I tried doing the recommendations from the urologist, and nothing was working.  We pretty much struggled with it for another 4  years, as close family would tell me that he will just grow out of it and to be patient.  Be patient, really?  Do they have any idea what it is like to wake up 3-5 times a week in the middle of the night and change the sheets?  He didn’t want to wear the underwear (pull ups) he felt humiliated, so we used the disposable bed pads.  It was both tough on us, because I tried so hard not to get mad, but in the middle of the night, you aren’t always rational.  The worst though is how it affected Peyton, he would pretend that it didn’t bother him, but now and again he would just breakdown and cry and ask me if he will ever be able to get married or go to college?  Completely heartbreaking!  Be patient, as my poor son is slowly entering pre-adolescence and he still wets his bed, his self confidence just crushed.   I pursued another option put together by some psychologist in Israel.  He actually had some beneficial tips, his thing had a mat with tiny electric wires, and an alarm system.  The whole deep sleep component however was missing from his method.  We tried that method over and over for a couple of years.  I was struggling and felt horrible for my son, who was now in 5th grade, and they had a science camp activity.  He was only gone for 3 nights, but he literally had cotton underwear with little pads in them shoved in the bottom of his sleeping bag.  So when he got in at night he would put them on.  Then in the morning he would take them off and if wet, he would just run to the common bathroom and throw them away wrapped in a paper towel.  It turned out he really just dribbled in them and left them in the bag, after 2 nights the smell wasn’t too bad, but by the time he got home I could tell it needed to be changed.   This was so tough for him socially, and he is a happy well-liked kid in school, very active and has lots of friends.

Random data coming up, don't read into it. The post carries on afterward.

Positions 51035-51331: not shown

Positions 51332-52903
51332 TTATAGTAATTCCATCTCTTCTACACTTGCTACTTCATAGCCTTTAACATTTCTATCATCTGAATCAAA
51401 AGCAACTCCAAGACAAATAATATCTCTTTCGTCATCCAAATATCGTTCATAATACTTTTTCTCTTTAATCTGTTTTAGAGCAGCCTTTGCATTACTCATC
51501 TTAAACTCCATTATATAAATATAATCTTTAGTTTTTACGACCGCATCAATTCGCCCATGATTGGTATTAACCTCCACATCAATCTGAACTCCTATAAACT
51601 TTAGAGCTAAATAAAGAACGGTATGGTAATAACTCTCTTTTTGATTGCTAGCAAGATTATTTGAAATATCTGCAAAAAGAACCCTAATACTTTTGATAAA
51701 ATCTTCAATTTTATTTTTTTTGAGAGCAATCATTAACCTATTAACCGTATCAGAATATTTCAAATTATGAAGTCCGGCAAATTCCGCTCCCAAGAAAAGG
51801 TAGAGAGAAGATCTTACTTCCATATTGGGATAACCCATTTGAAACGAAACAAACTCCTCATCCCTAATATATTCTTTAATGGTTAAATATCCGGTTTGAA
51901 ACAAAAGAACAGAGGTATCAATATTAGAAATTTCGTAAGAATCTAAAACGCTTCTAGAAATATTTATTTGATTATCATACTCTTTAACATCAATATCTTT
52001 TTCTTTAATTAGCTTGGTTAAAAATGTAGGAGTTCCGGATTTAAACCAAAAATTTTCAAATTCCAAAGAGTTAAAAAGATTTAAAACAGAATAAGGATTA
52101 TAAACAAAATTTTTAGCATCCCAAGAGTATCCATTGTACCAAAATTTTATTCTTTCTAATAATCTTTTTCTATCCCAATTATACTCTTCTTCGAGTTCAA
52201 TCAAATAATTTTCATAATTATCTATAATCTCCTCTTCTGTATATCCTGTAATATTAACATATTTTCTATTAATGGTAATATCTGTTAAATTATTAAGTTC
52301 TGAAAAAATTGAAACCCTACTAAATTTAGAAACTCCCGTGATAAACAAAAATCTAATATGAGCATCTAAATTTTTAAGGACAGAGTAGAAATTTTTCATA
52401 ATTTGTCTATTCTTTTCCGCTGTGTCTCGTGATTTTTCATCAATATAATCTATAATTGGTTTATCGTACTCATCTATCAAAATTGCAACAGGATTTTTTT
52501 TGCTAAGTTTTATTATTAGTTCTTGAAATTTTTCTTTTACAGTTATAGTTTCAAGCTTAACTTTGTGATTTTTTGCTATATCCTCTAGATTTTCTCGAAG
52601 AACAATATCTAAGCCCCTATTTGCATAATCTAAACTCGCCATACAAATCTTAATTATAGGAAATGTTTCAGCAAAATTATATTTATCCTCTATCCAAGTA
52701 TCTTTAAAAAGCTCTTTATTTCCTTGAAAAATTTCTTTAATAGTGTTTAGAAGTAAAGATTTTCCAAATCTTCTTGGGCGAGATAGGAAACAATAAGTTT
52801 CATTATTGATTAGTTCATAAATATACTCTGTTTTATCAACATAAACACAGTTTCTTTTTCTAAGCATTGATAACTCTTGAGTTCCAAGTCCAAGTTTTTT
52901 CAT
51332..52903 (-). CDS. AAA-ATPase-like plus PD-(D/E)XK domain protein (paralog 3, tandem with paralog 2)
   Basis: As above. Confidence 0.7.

As he entered 6th grade, nothing was working, and I was at my wits end.  I stayed up all night researching something that could help him.  Peyton also was diagnosed by a pediatric neurologist with being “overactive” not ADD or ADHD, but very active.  He also has tics, so he was suggested to take some magnesium and B6, that seemed to calm down the tics.  Poor kid, what more could he have to decrease his self-confidence, but he is always happy on the outside, but I know deep down it really hurt him.

He has always been a VERY DEEP sleeper, very groggy in the am, and lots of mumbling at night.  I found your bedwetting program information through a google search online, and you had actual research to back it, and mentioned the connection with the deep sleep and how helping the individual work on achieving healthy sleeping patterns, how this can help with things like over activity, and possible other neurological things.